A professional presentation takes time, not just in making the actual pitch deck, but in planning how to make it.
Presentation experts (even the ones behind Apple’s and TED Talks’ presentations) recommend spending the majority of your time planning for how to make and deliver the sales pitch. According to brand communication expert, Carmine Gallo, this takes at least 90 hours, with only a third of that time used for building the actual deck.
The rest of the time needs to be spent on knowing your client’s expectations. Qualtrics’ Scott Smith presents seven customer expectations to watch out for, so make sure to dedicate your time to researching the topic, and developing an effective method of delivery.
- What problem am I trying to solve?
- Is there an applicable solution that I can use?
- How will I solve the problem then?
- What advantage can I offer that the competition can’t?
A secret to getting effective PowerPoint ideas is planning ahead of time.
Let’s go into detail about how to plan your business presentation.
Step 1: Write Everything You Want to Say
Make a list, sit down with your colleagues, consult your company’s production/research teams, draw quick sketches and draft a script. Just get something, anything on paper when you start.
This way, you’ll have an easier time sorting through PowerPoint ideas that work from those that don’t.
Both professional presenters and advertising experts talk about similar methods. Whether it’s planning on paper or, as ad veteran Luke Sullivan suggests, sticking drawings of your best ideas on the wall, the best way to get your sales pitch idea is to dump everything into an empty space and sort them out.
Step 2: Be Your Own Coldest Critic
Once you have everything you can think of in one place, be it an empty Microsoft PowerPoint file or on blank sheets of paper, start judging. Using the questions listed above can work as your guide.
Everything you place in your PowerPoint deck stems from two sources: the client’s problem and the product or service you’ll use to solve it. The strategy is up to you. Consider the following questions:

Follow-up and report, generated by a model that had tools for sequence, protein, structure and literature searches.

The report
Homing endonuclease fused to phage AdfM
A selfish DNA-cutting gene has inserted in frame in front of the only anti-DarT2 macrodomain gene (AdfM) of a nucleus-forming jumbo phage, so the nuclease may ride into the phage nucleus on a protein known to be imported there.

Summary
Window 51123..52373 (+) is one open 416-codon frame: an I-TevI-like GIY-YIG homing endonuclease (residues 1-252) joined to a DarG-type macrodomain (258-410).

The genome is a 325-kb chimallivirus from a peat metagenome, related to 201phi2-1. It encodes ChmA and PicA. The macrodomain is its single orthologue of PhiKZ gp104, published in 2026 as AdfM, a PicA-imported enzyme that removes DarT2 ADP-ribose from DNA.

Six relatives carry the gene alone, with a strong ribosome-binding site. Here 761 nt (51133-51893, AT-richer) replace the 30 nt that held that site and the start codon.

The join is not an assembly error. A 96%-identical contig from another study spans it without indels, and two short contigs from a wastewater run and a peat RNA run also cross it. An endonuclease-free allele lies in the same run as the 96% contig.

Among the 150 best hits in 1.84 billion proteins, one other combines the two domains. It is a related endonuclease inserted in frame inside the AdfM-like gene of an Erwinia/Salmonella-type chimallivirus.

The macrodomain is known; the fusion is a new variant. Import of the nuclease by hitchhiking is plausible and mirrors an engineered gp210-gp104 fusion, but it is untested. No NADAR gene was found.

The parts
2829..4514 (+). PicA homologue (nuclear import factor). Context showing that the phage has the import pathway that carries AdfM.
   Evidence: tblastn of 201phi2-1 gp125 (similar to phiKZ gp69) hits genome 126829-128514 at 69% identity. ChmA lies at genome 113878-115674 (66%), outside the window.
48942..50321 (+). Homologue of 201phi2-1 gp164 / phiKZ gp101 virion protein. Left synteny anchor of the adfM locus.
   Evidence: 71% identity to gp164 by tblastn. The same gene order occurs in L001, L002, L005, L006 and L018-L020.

- Do you want to bank on your company’s reputation for being the best in the business?
- Do you want to highlight one advantage you have over the competition?
- Do you want to introduce a game-changing solution to an old problem?
Your ideas must fit whatever strategy you choose.
If you want to pitch for a car-rental service provider, or sell your electronics to a local distributor, ask yourself about the workability of your idea (for example, displaying consistent sales numbers or user testimonies). If you think it’s doable, keep it.
Step 3: Once You Have the “Eureka” Moment, Stay on It
One benefit of dumping your ideas and being your harshest critic is that you arrive at your winning sales pitch idea faster.
Everything you say and write will flow by themselves if your idea and strategy are sound enough. The best thing to do is stay with it.
Write down your script and slide content while your thoughts are still fresh in your mind. Delaying it will interrupt your train of thought, wasting time better spent on finalizing your PowerPoint deck.
The Lesson to Learn
Don’t be afraid to critique your own ideas. A sales presentation is all about testing ideas against the client’s problems and coming up with your best solution.
If it works, come up with an appropriate strategy to sell your proposal better than the competition does. Keep at it until you find your selling idea.
To help you come up with it even faster, spend time with a PowerPoint presentation expert. It’s worth the investment. (All it takes is fifteen minutes.)
Gallo, Carmine. The Presentation Secrets of Steve Jobs: How to be Insanely Great in Front of Any Audience. New York. McGraw-Hill, 2010
“Plan Ahead to Avoid PowerPointless Presentations.” SlideGenius, Inc. May 27, 2015. Accessed July 15, 2015.
Smith, Scott, “Customer Expectations: 7 Types all Exceptional Researchers Must Understand.” Qualtrics. Accessed July 15, 2015.
Sullivan, Luke. Hey, Whipple, Squeeze This! A Guide to Creating Great Ads. Hoboken, NJ – J. Wiley & Sons, 2008
Featured Image: “Spiral Notebook Notepad Block Pen.” from pixabay